Should You Have a Stress Test?

When you have symptoms of a heart condition, it may be time to have an exercise stress test. Sometimes, certain heart irregularities aren’t fully apparent at your resting heart rate. A stress test elevates your heartbeat and tests blood flow under more extreme conditions.

It’s not a test you’ll have without a reason, but under certain circumstances a stress test can help diagnose a problem, and its severity, as well as aiding the development of treatment plans and monitoring their effectiveness.

Why stress tests are done

There are generally three common reasons for exercise stress tests, though your surgeon may also request a stress test to aid timing of a valve replacement procedure or to evaluate your need of a heart transplant. The more common reasons for stress testing are:

What to expect from a stress test

The measurement portion of your stress test takes about 15 minutes, but in total, your appointment will likely last about an hour. First, you’ll have a quick exam to observe respiration and heartbeat as you’re resting. You’ll be fitted with an arm cuff to measure blood pressure through the test, and you’ll have electrodes placed on your chest to monitor your heart. You may also need to breathe into a tube to evaluate active respiration.

In some cases, your stress test may be accompanied by imaging, such as an echocardiogram or nuclear stress tests, but these aren’t always performed.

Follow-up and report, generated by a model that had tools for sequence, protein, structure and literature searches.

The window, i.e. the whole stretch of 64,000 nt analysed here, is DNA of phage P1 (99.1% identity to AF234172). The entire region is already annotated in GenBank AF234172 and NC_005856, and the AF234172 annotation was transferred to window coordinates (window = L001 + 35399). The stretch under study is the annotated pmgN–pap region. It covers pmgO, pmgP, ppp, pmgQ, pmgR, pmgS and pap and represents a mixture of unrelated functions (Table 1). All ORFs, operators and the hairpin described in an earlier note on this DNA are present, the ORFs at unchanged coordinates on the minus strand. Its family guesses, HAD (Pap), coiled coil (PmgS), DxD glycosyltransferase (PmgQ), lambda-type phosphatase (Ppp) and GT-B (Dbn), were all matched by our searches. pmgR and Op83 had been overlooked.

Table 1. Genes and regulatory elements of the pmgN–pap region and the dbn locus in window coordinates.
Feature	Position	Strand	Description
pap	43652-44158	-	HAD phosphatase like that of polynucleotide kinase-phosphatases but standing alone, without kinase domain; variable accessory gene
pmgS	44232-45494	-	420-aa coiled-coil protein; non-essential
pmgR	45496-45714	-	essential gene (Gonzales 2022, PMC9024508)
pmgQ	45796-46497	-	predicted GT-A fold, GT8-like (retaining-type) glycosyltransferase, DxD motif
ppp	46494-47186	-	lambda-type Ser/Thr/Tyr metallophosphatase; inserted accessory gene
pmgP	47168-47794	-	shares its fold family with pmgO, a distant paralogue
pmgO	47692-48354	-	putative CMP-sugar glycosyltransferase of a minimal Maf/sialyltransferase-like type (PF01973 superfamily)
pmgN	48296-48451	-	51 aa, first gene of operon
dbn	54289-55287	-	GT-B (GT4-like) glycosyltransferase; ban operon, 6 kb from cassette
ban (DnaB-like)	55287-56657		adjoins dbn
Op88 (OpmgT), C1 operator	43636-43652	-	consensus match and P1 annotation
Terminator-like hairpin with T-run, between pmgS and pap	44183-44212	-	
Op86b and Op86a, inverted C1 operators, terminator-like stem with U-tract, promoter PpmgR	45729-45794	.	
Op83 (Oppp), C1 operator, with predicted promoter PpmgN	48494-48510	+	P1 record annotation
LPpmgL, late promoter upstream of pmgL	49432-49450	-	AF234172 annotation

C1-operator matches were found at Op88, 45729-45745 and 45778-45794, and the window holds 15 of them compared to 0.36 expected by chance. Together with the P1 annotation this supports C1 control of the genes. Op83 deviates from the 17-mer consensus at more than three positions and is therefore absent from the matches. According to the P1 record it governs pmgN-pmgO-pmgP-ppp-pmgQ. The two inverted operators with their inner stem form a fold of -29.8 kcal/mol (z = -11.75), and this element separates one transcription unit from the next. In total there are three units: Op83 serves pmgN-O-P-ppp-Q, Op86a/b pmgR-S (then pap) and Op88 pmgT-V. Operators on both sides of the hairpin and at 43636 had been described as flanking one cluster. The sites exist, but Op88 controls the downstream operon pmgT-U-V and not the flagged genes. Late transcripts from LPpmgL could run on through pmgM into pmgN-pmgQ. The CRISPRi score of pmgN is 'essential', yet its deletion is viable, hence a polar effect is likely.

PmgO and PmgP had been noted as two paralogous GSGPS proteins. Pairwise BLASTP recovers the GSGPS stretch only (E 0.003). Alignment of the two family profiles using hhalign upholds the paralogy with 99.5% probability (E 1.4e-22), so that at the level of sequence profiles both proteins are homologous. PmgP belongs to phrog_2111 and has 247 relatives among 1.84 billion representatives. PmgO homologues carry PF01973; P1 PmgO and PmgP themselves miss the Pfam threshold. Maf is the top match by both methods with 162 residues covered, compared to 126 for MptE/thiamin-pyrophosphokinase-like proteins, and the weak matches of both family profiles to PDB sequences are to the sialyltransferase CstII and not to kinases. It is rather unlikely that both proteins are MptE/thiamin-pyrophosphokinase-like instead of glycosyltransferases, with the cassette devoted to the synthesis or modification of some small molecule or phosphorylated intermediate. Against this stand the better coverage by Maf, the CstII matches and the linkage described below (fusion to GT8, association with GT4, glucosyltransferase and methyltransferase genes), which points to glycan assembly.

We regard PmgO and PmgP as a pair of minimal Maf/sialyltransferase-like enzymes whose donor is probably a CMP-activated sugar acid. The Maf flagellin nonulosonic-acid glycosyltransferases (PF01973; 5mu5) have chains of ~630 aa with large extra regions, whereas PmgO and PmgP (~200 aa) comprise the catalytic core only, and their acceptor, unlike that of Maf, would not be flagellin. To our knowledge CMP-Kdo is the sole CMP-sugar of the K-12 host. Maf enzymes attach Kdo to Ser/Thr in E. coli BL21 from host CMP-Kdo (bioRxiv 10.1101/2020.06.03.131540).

For those who can’t exercise, their heart rate is boosted artificially using medications delivered intravenously. Most patients start the exercise portion of the test slowly, on a treadmill or stationary bicycle. The intensity of the exercise increases, and your heart’s performance gets measured. The intensity continues to climb until you reach a target heart rate or until you develop symptoms. These can include:

What a stress test result shows

A cardiac stress test won’t conclusively confirm or rule out a heart condition on its own. It’s possible to have a normal stress test result, yet still have coronary artery blockages. The stress test is only one part of the diagnostic process. Further testing could follow both normal and abnormal results from a cardiac stress test.

In most cases, if you’re otherwise healthy with no pronounced risks of cardiac issues, a stress test isn’t likely. Unless, for instance, you’re about to start an intense, new activity that’s outside your normal level of exercise.

When you do carry cardiac risk factors, or if your medical caregiver recommends a cardiac stress test, contact the most convenient location of Jacinto Medical Group. They’re stress test specialists and able to guide you safely through the procedure. Call today.

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